The zero-impact building session was a great segue to John Sterman from MIT, who spoke about climate change. He was critical of systems thinking practitioners who have failed to develop tools and a language that governments, leaders, and everyday citizens can use to understand the long-term consequences of their actions. He cited the example of the “bathtub”and the C-ROADS simulator as examples of systems tools that help people change their mental models, especially around issues as complex as climate change. According to Sterman, if the systems thinking community is not willing to build a new set of tools to address these large-scale challenges, then very little will change.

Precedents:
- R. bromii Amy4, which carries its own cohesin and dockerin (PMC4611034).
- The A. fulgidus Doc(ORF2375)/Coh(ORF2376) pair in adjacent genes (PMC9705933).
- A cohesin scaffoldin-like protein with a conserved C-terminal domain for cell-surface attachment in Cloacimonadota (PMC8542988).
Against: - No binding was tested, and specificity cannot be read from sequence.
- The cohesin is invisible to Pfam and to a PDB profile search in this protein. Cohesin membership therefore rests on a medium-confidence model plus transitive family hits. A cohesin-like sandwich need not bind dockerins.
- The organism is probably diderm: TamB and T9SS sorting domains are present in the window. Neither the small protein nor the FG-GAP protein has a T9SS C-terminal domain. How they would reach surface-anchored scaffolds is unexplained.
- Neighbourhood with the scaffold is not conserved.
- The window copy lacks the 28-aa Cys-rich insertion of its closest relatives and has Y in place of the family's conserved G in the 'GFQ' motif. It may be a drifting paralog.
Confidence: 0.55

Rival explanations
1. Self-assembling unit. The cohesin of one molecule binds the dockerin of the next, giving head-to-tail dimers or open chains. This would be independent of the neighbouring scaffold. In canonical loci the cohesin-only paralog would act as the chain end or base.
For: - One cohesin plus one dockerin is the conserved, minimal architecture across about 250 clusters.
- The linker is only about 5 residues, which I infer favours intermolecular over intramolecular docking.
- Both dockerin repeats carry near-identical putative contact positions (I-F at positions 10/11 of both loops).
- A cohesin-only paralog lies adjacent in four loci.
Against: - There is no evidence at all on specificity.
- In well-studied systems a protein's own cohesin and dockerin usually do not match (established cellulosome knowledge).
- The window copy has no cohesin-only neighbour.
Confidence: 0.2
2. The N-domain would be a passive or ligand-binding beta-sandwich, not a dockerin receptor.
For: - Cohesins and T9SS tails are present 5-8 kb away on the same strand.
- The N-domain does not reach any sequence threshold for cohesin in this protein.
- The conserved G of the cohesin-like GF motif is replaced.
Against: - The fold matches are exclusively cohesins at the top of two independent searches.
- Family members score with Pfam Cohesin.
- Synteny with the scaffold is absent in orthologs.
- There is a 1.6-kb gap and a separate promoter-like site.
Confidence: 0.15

I started to think about doing an Appreciative Inquiry into what works for raising systems thinking awareness and then devising a plan to do more of it. Contributions are starting to come smoothly. As soon as I have synthesized them, I’ll post them on the blog.

Meanwhile, you might be interested in some great work that is available to freely raise your skills in Systems Thinking. I’ve see the following (free) resources really helpful. Feel fre to comment to add your preferred ones:

As for the “not free” resources, I’m a recent subscriber of “The Systems Thinker” PDF magazine, which I must admit is a gold mine (pun intended: Michaël Ballé, author of the Lean turnaround novel “The Gold Mine” sometimes write for this newsletter – hint, hint! :-).

Leader’s Guide to Radical Management & #Lean transformation

December 9th, 2010 Posted in Change, Lean, Systems Thinking Tags: , , ,